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Social care workers left out of Immigration White Paper

December 20, 2018

Responding to the Immigration White Paper, the Cavendish Coalition, which represents a UK-wide coalition across social care and health, bringing together employers and unions from state, charitable and private providers, has said it is concerned that the supply of social care workers may be compromised.

Cavendish Coalition co-convenors Danny Mortimer, Nadra Ahmed and Sara Gorton said they were extremely concerned whether the visa proposals in the Immigration White Paper would encourage the numbers of care staff social care needs to sustain services.

“The new immigration system must adjust skills and salary levels to ensure that health and social care provision can be properly staffed by the skilled care staff it needs,” they said.

“While it is anticipated there may be some provisions for doctors and nurses coming to the UK after Brexit, this ignores physios, paramedics and other allied health professionals and there will be severe implications for the social care workforce in particular as well as outstanding concerns on doctor and nurse recruitment.

“The sector relies on lower paid – but hugely skilled – colleagues whose availability would be effectively cut off by a proposed salary threshold of £30,000 and with no special allowance like that recommended for seasonal agricultural workers. Either the Government needs to fund wage increases or make special provision for health and care.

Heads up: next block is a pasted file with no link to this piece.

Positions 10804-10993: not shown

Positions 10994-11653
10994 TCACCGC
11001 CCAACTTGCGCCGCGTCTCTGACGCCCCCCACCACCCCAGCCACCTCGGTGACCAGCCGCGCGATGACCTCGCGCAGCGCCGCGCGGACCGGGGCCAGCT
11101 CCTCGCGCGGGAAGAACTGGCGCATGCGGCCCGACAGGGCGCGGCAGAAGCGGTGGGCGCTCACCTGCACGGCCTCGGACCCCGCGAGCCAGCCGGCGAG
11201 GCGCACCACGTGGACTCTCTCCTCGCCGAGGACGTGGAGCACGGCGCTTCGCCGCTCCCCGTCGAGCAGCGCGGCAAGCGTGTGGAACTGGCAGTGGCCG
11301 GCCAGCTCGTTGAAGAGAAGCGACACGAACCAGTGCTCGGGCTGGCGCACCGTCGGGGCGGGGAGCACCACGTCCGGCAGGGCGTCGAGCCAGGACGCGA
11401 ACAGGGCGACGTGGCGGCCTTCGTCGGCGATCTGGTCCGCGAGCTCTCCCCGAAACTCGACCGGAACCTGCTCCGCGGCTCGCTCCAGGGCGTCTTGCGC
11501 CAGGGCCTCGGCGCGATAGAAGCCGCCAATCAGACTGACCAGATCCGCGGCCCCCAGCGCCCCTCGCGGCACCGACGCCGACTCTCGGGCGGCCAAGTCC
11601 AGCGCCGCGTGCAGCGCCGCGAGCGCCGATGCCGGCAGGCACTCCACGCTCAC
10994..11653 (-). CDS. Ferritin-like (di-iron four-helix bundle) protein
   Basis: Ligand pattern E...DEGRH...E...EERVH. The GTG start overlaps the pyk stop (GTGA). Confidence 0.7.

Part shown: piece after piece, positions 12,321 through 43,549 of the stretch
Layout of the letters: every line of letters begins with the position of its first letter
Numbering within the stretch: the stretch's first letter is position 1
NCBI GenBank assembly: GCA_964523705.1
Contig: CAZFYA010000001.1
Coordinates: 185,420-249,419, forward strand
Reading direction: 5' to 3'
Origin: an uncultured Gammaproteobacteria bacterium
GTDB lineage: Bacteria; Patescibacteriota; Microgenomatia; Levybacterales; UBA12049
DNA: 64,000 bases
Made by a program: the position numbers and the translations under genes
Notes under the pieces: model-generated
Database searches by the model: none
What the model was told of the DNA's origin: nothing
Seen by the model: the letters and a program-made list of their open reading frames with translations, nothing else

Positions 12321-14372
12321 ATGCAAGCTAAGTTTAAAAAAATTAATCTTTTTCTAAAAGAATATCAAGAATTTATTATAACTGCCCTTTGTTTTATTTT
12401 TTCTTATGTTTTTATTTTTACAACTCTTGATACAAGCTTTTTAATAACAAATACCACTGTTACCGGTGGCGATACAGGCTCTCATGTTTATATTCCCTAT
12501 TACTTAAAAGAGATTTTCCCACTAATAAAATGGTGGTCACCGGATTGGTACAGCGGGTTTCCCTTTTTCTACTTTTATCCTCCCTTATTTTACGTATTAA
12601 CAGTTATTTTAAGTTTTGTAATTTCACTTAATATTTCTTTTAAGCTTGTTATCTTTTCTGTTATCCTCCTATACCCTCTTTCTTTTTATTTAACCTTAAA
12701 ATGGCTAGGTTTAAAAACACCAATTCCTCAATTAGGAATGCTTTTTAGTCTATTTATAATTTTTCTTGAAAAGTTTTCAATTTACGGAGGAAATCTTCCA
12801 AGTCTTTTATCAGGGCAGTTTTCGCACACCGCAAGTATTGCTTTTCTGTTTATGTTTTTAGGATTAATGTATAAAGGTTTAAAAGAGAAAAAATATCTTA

“If the Government does not address this social care crisis the knock-on effects to the population and the wider economy will be enormous. People who are best cared for in their homes or in the community will need greater support from their families (putting strain on other areas of the labour market) as well as the NHS.”

The Cavendish Coalition’s concerns are echoed by the charity Independent Age whose director of policy and influencing George McNamara said the Government’s immigration plans ran the risk of perpetuating the growing staff shortages in the NHS and care for elderly people.

“Adopting a £30,000 minimum salary threshold would be a punishing and cold view of those who provide daily care for older people and some of the most vulnerable in society, and will only result in more people unable to access vital health and care support,” said Mr McNamara.

“Almost one in five social care jobs in the UK are currently filled by migrants from the EU and the non-EEA, increasing to two in five in London. Much of this work is low-paid, but high value, something the Government has failed to acknowledge.

“The Government must make a commitment to ensure that social care roles are recognised in immigration policy, in order to protect those most in need of care.”

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